大概是学习英文的一篇不错的文章 From 《The Economist》。没有排版，有时间再排。
English marks a million
Nov 19th 2008
Or does it? John Grimond has some infrequently offered answers
Some events in 2009 may be more momentous, but surely not many:
on April 29th the number of words in the English language will pass
1m. This astonishing fact prompts a host of frequently asked questions
or, as wordsmiths call them, FAQs.
First, who says—or, in tabloid (this meaning coined in 1902)
journalese (1882), who sez? The answer is the Global Language
Monitor, a company based in Austin, Texas. It keeps an eye on the
use of language, especially English, and tracks changes.
And by what authority does the Global Language Monitor say a new
coinage is a genuine new word? None. Some countries, such as France
and Spain, have academies that claim the right to regulate their
national languages, and to repel invasive terms, usually from English.
Neither England nor the United States attempts such an exercise in
futility. English is a mongrel language that keeps its vitality by
absorbing new words, uses and expressions. It promiscuously plunders
other languages and delights in neologisms. It is the language of free
traders and inventive entrepreneurs such as the staff of the Global
Stick to the FAQs
So is it really a fact that English will have 1m words on the predicted
date in April? Of course not. For a start, the global monitors explain that the actual date could be five days
either side of April 29th. Then they say that English already has well over 1m words, if you accept the
statement in the introduction to the Merriam-Webster dictionary that the language contains “many times” the
450,000 words it lists. Yet the Oxford dictionary lists only half as many.
Who’s right? How many words are there? That depends on what counts as a word. Should “write”, “writes”,
“wrote”, “written” count as four words or one? If one, what about “be”, “am”, “are”, “is”, “was”, “were”? What
about the numberless words with different meanings? Should “set” and “stock”, for instance, each count as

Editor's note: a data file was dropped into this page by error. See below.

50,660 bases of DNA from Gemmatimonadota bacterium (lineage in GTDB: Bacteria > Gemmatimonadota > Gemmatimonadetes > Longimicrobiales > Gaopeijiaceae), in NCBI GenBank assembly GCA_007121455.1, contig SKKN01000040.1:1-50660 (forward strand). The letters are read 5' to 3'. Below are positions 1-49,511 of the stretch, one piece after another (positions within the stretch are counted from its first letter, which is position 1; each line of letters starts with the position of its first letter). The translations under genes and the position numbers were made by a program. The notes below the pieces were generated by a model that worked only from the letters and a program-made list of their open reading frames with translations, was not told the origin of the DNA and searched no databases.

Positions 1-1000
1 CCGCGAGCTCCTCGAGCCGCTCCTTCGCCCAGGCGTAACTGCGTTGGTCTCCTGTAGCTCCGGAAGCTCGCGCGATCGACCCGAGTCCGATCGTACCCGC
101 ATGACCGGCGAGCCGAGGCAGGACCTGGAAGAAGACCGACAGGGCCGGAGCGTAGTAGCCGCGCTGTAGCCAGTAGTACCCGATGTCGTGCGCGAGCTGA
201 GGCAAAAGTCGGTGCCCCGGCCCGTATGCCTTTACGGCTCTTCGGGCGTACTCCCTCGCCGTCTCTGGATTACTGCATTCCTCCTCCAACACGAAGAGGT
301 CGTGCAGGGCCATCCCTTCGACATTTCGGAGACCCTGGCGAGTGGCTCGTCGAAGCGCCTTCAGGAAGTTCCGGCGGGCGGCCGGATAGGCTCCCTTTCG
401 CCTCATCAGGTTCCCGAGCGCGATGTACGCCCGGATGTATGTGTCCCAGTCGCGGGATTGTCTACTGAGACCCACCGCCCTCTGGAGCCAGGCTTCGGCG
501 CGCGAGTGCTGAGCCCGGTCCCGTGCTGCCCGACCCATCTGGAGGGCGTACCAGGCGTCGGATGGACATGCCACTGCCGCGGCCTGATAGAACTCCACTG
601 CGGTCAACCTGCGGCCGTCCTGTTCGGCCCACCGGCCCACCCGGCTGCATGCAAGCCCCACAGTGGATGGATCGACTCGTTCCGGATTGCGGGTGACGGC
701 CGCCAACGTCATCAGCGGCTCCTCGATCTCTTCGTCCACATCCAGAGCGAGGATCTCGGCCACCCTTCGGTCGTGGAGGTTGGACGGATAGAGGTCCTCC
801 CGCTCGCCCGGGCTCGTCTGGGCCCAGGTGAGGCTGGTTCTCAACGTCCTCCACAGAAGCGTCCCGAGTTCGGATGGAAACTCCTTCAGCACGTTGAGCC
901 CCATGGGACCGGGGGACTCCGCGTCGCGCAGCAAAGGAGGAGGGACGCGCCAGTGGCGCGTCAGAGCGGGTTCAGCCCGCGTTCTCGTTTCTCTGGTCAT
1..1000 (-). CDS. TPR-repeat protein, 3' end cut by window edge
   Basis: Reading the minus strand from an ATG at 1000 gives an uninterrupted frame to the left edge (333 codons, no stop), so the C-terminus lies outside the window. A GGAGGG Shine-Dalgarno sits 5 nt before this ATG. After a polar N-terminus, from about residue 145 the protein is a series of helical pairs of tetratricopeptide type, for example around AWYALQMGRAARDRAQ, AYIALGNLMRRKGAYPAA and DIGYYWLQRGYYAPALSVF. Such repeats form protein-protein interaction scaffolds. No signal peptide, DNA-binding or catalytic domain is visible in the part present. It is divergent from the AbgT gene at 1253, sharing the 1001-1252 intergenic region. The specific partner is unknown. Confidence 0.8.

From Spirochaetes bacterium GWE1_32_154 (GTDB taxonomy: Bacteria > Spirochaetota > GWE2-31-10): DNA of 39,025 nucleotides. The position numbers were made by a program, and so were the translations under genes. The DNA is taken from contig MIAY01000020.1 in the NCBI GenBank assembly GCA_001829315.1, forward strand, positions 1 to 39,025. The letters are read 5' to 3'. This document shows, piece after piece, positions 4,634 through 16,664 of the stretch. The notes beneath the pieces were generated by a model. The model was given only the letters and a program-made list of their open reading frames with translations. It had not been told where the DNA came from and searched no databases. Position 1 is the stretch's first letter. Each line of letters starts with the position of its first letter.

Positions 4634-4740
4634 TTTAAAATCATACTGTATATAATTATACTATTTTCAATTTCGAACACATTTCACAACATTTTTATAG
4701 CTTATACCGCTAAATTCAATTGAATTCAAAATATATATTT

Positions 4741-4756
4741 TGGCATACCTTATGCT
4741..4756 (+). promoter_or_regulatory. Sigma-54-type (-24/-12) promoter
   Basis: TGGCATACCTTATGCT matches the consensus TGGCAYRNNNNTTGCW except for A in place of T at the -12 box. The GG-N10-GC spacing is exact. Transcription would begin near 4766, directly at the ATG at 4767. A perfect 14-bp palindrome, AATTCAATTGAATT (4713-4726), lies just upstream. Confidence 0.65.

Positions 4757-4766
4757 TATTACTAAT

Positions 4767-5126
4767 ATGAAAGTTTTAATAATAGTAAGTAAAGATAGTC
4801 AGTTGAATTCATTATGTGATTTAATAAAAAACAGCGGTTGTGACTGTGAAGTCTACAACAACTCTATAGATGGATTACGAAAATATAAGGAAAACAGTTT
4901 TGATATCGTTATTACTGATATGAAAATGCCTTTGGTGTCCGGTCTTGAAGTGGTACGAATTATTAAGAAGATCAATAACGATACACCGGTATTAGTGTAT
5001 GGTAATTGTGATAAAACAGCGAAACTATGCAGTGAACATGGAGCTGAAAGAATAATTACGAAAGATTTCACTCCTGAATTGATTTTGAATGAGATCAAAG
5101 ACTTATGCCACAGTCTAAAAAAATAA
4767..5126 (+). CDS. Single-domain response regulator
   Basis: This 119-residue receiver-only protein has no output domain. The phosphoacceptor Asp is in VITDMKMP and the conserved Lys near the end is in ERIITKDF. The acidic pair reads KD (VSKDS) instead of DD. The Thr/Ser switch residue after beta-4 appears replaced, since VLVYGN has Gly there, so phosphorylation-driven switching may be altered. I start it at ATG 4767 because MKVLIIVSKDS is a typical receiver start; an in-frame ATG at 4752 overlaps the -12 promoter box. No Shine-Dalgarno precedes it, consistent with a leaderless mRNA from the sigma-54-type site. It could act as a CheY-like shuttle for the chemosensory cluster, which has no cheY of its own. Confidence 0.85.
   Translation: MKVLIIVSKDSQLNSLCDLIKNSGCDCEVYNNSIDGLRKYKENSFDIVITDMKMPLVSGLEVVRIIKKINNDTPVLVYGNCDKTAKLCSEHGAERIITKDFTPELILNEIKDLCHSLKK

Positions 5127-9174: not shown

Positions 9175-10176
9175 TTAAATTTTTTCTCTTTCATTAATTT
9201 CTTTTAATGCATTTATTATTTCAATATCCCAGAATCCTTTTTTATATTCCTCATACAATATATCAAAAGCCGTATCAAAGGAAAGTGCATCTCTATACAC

one, though their meanings are manifold? And what of winespeak, computer drivel and other jargon?
Och aye, and whit aboot Scots? Yes, English gathers variants as it travels and, my, how it has travelled. Is
the Scots “thrapple” just the same as the English “thropple” (throat)? Is the Australian “donkasaurus” (car
engine) English or Australian or Greek?
Come to that, what about all the words that English picks up abroad? “Hobson-Jobson”, written in 1886, lists
over 2,000 Anglo-Indian expressions. “Shampoo” and “bungalow” have certainly earned their place in the
English dictionary, but what of the Hindi “dam”, the Indian coin once used in English phrases like “I don’t give
a dam” but now consigned to history or misspelt, and so misunderstood, as “damn”? Or what of “roué”, a
“French” word common enough in English but now almost unknown in French? List them all, you may say,
along with jihad, tsunami, schadenfreude and béarnaise sauce. But the line must be drawn somewhere, so
The global monitors would have the world believe that their lines are drawn
scientifically: take the bulk of the best-known dictionaries, chuck in all the words in
Shakespeare, Chaucer and the Bible, and then apply their proprietary algorithm,
which trawls through the press, the internet and every other medium for new words.
After that, apparently, the words must meet criteria about frequency of use in print
and speech and their ability to stand the test of time. Words drop out of use as well
as into it—Oxford lists 47,156 it considers obsolete—and most neologisms die almost
as soon as they leave the lips of the rapper, valley girl or blogobore who utters
them.Copyright ? 2008 The Economist Newspaper and The Economist Group. All rights reserved.
So, last question, is the 1m-word claim meaningless? Yes, largely. But English does indeed have lots of words,
almost certainly more than any other tongue. That is the consequence of its evolution. Basically Germanic, it
was expanded by the conquering Normans, who introduced French, and the medieval scholars and clergy, who
used Latin. As the global language of the modern world, it now has lots of local variants—some recompense
perhaps for the words it helps to obliterate as more and more languages become extinct